In grade school we’re all introduced to the basics of writing. Who, what, where, when and how are drilled into our skulls. Our teachers no doubt hope their lectures will take root deep enough in our thick heads that at least a few of those lessons stick. So far, so good, I say. The fundamentals are familiar enough that almost anyone from the age of 15 to 50 can recite them at the drop of a hat.
In real life, those rules have merit – even if they aren’t equally weighted. What, where, when and how are critical to good writing. If the reader can’t follow the particulars of a story, the reader will cease turning pages and find something more interesting to do with their time. For instance, they might watch television or chat on the phone with a friend. In extreme cases they might go so far as to take a walk with their significant other – outside – where with each new step they’ll move farther and farther away from the book they were less than immersed in. That distance is not only physical. It’s emotional too. Dissatisfied readers are every bit as fickle as uninvolved lovers. With no passion, the fire and the memory dim quickly.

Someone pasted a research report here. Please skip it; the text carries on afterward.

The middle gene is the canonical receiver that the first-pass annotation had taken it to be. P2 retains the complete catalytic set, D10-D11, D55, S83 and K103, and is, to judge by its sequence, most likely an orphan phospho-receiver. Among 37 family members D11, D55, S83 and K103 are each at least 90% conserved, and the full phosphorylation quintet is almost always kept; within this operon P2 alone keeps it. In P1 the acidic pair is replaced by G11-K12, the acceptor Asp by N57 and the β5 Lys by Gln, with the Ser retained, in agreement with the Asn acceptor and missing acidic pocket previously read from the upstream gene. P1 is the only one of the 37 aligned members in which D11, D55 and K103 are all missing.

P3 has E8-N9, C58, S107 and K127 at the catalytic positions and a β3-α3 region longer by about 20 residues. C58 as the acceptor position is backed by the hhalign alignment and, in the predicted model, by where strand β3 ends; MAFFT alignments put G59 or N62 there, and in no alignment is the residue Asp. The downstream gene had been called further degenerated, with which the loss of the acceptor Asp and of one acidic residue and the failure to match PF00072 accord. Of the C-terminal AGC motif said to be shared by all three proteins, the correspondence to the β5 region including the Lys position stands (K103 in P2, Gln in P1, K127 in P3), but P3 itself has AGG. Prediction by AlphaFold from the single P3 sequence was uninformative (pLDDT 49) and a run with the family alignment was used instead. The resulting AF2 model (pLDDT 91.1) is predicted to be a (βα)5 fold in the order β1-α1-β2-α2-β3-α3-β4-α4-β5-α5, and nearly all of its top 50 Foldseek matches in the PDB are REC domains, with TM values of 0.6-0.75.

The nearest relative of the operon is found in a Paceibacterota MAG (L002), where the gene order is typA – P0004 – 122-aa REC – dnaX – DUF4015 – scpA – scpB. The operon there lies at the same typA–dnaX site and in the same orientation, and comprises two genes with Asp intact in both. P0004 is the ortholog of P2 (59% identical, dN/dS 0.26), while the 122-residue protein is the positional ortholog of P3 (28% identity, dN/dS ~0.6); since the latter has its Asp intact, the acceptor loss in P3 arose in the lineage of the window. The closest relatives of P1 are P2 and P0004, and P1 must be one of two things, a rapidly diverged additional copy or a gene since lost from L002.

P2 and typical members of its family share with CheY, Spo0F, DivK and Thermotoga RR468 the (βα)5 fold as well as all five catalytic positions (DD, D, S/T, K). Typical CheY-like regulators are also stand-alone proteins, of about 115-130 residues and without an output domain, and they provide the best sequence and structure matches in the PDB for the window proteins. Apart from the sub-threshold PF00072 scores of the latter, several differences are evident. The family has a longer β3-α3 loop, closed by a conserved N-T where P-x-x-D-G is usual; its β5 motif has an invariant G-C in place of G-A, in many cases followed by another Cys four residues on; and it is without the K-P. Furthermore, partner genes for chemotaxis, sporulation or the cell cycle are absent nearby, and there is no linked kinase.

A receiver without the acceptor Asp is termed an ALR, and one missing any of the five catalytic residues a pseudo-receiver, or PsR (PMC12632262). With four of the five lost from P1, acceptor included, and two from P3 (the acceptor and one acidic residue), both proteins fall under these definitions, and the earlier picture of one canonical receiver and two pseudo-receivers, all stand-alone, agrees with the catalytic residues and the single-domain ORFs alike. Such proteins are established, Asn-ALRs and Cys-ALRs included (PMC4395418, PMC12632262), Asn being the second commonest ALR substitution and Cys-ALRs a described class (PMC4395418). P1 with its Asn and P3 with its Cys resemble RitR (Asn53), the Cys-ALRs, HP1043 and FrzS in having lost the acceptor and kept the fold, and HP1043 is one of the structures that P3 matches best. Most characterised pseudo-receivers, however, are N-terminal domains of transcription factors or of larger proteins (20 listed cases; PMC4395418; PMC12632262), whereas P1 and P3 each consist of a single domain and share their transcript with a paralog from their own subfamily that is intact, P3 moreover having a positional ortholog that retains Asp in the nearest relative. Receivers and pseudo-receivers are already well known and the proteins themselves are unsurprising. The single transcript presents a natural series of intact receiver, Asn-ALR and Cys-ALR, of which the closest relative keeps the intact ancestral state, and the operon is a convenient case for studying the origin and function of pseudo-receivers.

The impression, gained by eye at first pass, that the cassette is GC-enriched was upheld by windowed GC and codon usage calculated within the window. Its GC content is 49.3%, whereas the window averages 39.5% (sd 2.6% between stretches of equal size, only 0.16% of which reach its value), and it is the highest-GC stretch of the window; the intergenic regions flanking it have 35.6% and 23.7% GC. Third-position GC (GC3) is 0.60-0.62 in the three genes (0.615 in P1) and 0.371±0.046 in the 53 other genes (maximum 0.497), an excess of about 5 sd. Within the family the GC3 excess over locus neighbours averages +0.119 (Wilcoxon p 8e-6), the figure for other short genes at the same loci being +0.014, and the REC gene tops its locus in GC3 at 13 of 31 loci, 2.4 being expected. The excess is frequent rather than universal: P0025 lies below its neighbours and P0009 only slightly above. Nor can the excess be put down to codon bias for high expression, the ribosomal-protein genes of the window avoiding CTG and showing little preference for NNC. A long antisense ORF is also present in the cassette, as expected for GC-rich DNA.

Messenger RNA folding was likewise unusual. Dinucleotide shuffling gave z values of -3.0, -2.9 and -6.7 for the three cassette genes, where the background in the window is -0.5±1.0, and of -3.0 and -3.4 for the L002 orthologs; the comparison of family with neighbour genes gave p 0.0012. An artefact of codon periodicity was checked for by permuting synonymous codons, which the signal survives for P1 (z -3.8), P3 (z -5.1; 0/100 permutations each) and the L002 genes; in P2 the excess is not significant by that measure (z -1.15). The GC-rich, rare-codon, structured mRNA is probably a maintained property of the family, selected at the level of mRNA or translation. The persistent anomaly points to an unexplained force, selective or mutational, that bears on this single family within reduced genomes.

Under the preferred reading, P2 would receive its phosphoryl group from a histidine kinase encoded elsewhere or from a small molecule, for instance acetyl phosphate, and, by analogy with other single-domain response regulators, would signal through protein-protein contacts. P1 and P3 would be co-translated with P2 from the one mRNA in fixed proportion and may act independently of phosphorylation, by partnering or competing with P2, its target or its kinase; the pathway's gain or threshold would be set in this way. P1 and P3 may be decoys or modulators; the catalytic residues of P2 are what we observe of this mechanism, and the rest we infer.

Don’t let this happen to you!
For my money, the most important of the five basic elements of writing is, Who. Without a good, solid, Who – there’s nobody for the reader to root for, or against. There’s no reason to read at all. For while the details of where an event took place might be majestic – and while the specifics of the event itself might be exciting – unless they know, and care, who the event is happening to, they won’t feel the least bit sorry about putting your book down and going for that long, invigorating walk.
As writers, it’s our goal, our obligation in fact to do everything we can to glue our readers backsides to their Barcaloungers. Let the medical students worry about cholesterol and blood pressure. It’s our job to interject action, adventure, romance and pathos into the reading material our readers choose. All of which should happen to someone, at the hands of someone else. We need to include a series of solid, believable and if at all possible, recognizable characters to our stories – be they fictional or not. Who is the key. Who is the critical element. Who is everything.
Abbott and Costello should have hung up the comedy act and taught college level composition courses. Who’s on first – indeed!
Author – Burritos and Gasoline